On November 21st, 2016 we announced the impending launch of our Alpha phase. Since the announcement, we received an abundance of positive feedback and have continued to build our product day and night. Honestly, it is exciting to see it finally come together, especially mobile integration (which will allow you to chat with potential clients who are visiting your website on-the-go).
When we announced our alpha program we were expecting 50 applications, and to our surprise, your overwhelming interest resulted in 310 applications! We are encouraged to know that our solution is in demand for photographers who are eager to optimize their business.
Yet what confirmed our hypothesis even further were the answers we received from your applications. Our application consisted of many diverse questions, such as: “How many projects do you book per month? Which tools do you use for managing your business?” and “What would you need in a business platform to help you reach your full potential?”
These answers were so interesting, that we simply couldn’t resist, and decided to share the results with you.
While part-time photographers would certainly benefit from using Bloom, we believe that full-time photographers will especially appreciate Bloom because of how we organize your client management/project workflow tools.
By complete coincidence, 75% of you use iPhones and 75% of your are full-time photographers. Even though the figures are identical, full-time photographers did not all correlate to the iPhone users. Sorry, but buying an iPhone probably won’t guarantee you full-time work.
It was a little surprising to see that many of you book only 3-6 projects per month. Unless they are weddings, this is a tight budget to live on. We trust that with our remarketing tools you could see those numbers grow to at least 10 bookings per month.
This chart is also interesting. Many photographers seem to drop off after 10 years in the photography profession, but if you made it through the next decade (10-20 years), then you’re likely to stick around. But honestly, after 20 years, you either figured out how to run your business, or it’s simply too late to do anything else.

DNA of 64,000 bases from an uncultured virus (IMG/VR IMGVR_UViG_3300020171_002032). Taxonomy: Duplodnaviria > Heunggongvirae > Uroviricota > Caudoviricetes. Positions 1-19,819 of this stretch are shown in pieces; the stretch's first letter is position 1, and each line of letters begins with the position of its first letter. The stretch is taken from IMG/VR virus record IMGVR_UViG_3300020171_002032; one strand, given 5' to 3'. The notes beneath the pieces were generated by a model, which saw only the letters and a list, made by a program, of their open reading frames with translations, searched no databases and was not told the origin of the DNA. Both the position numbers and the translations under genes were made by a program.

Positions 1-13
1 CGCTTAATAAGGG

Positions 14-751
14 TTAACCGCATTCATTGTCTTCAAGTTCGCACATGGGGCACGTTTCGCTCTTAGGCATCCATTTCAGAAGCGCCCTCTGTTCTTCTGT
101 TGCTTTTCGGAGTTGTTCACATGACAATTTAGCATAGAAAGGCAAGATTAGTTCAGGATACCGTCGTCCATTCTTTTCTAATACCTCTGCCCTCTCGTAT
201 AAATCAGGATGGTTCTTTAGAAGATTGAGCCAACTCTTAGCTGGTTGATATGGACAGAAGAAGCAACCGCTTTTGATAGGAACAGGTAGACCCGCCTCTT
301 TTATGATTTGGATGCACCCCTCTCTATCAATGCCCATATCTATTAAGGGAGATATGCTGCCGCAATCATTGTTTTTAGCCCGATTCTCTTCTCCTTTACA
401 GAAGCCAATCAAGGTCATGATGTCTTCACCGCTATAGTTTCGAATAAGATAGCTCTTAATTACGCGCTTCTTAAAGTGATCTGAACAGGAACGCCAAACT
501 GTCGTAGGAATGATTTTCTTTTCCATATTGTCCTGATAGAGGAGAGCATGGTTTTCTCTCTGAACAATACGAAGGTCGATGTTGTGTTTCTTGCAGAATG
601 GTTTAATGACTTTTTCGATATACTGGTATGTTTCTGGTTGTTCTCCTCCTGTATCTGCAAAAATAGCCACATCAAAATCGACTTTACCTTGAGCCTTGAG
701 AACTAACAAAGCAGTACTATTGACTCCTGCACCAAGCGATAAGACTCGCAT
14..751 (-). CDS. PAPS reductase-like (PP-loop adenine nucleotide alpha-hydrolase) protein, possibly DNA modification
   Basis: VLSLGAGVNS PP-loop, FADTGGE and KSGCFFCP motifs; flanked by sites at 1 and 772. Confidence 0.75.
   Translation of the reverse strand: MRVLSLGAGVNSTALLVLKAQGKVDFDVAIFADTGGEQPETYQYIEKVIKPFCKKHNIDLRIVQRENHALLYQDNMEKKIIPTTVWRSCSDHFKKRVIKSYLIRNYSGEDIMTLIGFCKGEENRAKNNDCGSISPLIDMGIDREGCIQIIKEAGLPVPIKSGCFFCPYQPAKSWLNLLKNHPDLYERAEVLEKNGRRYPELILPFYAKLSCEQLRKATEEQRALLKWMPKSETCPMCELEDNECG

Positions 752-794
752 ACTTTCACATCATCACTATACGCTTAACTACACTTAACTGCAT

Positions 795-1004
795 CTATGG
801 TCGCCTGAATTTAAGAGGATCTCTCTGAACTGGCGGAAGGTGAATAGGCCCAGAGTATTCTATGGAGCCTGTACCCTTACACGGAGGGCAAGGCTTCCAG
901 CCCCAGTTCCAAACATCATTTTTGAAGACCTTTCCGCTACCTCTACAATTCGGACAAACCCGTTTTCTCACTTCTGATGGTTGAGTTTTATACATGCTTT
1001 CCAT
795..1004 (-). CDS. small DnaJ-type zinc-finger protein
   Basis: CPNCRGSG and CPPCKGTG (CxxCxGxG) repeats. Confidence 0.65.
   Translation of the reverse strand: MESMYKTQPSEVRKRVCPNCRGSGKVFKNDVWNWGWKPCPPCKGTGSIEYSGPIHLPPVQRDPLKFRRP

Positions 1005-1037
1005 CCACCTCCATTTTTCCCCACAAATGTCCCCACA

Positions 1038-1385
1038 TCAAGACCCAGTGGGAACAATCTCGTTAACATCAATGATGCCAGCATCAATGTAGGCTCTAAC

Running a photography business requires a plethora of tools. But most of your answers focused on 1) accounting/invoicing, 2) marketing, and 3) scheduling/client management. This is encouraging because, when building Bloom, we focused on ensuring a clear path from gathering leads and sending quotes, to booking projects and managing your workflow.
The specialties graph was perhaps the least surprising. As expected, portraiture and wedding photography typically are the largest segments in the industry.
Finally, this was the most interesting chart. The tools you use to manage your business are far more diversified than we could have possibly imagined. We counted 217 different tools from our 310 applications! WordPress is the obvious lead, but from our conversations with many of you, this isn’t because you love WordPress, but more out of necessity. What is clear, is that no one has won the hearts and trust of photographers. Most photographers seem to be scrambling and testing an insanely wide range of online tools, most of which were designed for a different industry. Perhaps photography, as an industry, isn’t large enough to incentivize big investments into robust toolsets. Perhaps generic tools have been satisfactory the first several decades of the internet age. Whatever the reason, our world is quickly changing and we believe that it is time for a photography platform to emerge which will win the hearts of all photographers by offering them the best modern tools they need to manage and grow their businesses to new horizons.
What do you think? Did we miss anything from our observations?